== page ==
For there is “just something” about these trees; something that makes them stand apart (and it’s not just their size). Here’s one remarkable thing: they have an open-celled structure, thus containing little or no pitch or resins. So, a crystalline tree to all intents and purposes…that got me sitting up and taking notice when I first read about it. They also live in three climate zones at once so they must adapt for that; their bases concentrating fully on the business of grounding and sustaining their great size with water and food and their middle layer (which is where branches start to sprout and loop downwards; their lower trunks don’t attempt branches at all) concentrating on diversity, moistness and warmth. Then their canopy is subjected to extremes of wind and cold – harsh conditions indeed – and so a complete change in needle structure (from being broad and flat for maximum heat absorption from the sun lower down to tight scaly spikes to reduce evaporation near the top) reflects this. I recently talked about how useful it is to emulate a tree in order to thrive as someone who operates primarily from their vata-dosha which is all about air and space (in my post on Ayurveda From reacting to working together: healing relationships inside and out); and it seems to me that these extraordinary trees are a living example of all three Ayurvedic doshas in one perfectly balanced being. They go from being perfectly kapha adjusted (all about earth and water) at the base to being perfectly pitta (fire and water focussed) in the middle, to being perfectly vata ready (designed to withstand air and space) at the top. Bringing all three doshas into balance is the prime objective of Ayureveda and is how we achieve optimum health, balance and wellbeing as human beings; and these incredibly resilient trees could be the perfect teachers of such a model. Like the human chakras, the trunk acts as a link between the lower chakras (to do with matters of attachment to the earth), middle chakras (digestion, sustenance and all the day-to-day matters of physical existence) and the higher chakras (spirituality, expansion, inspiration). If only we could reach higher and higher as human beings, knowing we can operate from those higher chakras without “tipping over” through our ungroundedness or because of being destroyed by harsh elements that we can no longer withstand, loosing warmth and sustenance or generally taking a battering. Well, as these trees show us, we can…as long as we have that strong open-celled linkage from top to bottom. There’s such a lot to ponder on here!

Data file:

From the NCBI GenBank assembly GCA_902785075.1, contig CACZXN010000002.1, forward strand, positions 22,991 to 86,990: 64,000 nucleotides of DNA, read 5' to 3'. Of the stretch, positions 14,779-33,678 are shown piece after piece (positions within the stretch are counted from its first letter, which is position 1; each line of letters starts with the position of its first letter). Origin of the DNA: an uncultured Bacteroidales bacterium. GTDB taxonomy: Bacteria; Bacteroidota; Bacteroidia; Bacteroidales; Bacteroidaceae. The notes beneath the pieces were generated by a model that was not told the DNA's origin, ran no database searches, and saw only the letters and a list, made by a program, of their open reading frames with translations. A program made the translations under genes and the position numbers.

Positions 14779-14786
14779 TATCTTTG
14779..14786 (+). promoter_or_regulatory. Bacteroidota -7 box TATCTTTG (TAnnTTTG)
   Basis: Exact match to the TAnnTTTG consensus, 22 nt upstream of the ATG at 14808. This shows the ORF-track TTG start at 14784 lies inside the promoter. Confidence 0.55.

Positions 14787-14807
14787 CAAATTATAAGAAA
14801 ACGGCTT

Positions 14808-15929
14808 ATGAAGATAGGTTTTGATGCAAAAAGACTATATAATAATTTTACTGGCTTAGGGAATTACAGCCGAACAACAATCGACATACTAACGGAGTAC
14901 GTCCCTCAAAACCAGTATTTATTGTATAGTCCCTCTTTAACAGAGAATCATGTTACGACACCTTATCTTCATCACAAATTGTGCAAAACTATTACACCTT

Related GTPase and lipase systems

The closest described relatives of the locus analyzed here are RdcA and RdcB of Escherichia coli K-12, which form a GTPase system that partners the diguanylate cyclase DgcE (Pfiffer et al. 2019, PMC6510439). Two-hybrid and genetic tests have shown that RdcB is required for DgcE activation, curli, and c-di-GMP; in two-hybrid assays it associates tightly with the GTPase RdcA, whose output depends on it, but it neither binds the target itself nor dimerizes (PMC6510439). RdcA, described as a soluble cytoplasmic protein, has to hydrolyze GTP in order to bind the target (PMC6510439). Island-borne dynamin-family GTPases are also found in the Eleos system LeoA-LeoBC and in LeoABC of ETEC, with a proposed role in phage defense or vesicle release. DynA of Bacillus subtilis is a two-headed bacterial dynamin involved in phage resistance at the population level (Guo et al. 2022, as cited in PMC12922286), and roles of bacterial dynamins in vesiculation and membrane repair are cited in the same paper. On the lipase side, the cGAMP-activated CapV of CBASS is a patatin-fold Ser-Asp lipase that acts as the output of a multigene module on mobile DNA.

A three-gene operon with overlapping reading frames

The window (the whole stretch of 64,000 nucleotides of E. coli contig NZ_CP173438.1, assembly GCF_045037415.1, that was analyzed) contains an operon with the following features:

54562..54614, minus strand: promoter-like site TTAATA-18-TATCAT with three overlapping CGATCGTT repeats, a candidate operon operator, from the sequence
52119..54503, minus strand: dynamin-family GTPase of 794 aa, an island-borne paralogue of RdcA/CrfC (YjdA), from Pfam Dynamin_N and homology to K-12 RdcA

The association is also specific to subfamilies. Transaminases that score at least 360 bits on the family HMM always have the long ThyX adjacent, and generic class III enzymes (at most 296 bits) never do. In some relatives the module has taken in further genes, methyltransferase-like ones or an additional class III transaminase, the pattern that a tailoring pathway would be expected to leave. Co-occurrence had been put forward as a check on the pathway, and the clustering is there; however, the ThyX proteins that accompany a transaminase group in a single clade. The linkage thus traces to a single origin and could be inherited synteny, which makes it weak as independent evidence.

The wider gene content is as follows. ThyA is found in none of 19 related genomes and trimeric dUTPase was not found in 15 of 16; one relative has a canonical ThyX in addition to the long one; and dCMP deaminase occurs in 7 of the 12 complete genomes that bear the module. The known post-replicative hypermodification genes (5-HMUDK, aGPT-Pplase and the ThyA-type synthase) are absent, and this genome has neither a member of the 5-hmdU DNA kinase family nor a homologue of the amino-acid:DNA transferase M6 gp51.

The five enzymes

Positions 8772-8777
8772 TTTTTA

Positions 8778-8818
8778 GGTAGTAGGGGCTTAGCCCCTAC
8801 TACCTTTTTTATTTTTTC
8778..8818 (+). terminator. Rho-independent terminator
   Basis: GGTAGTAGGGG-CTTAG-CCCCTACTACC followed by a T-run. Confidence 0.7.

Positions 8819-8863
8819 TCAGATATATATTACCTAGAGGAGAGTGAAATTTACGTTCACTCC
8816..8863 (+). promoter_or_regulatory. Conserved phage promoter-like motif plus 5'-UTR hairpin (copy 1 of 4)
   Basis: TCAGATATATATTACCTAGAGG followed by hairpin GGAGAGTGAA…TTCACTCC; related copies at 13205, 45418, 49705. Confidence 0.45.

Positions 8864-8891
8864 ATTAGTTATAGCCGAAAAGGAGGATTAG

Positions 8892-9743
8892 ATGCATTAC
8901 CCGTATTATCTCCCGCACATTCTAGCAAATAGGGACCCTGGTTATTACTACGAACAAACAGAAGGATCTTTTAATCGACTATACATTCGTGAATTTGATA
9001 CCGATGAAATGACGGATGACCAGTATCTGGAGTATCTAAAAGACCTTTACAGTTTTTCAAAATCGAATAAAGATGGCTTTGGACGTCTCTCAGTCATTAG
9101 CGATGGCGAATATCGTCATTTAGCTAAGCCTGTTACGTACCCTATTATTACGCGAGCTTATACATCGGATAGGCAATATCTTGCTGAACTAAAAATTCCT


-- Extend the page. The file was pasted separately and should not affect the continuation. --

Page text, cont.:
It seems my early morning infusion of giant sequoia essence had a great deal to tell me; all of this, in fact…since I joined all these dots during and after my walk after that “hit” of potent aroma. Not least, they reminded me that even the strongest of storm winds plays its part in our rejuvenation; for it is in the shedding of what is now surplus to requirements and the refreshing of all our many layers that we get to release our keenest, purest signature-essence to the world. When we become the living balance of the three aspects I have talked about, we become so resilient that we get to weather any storm; in fact, the storm only serves to work with us, to refresh us. Then our own reboot serves to infuse those that pass us by with all the subtle sensory prompts that set all kinds of other reboots in motion; the kind of domino effect that reminds us (something every tree knows down to its roots; and sequoias seem to emulate this knowledge more than any) how, really, everything is connected.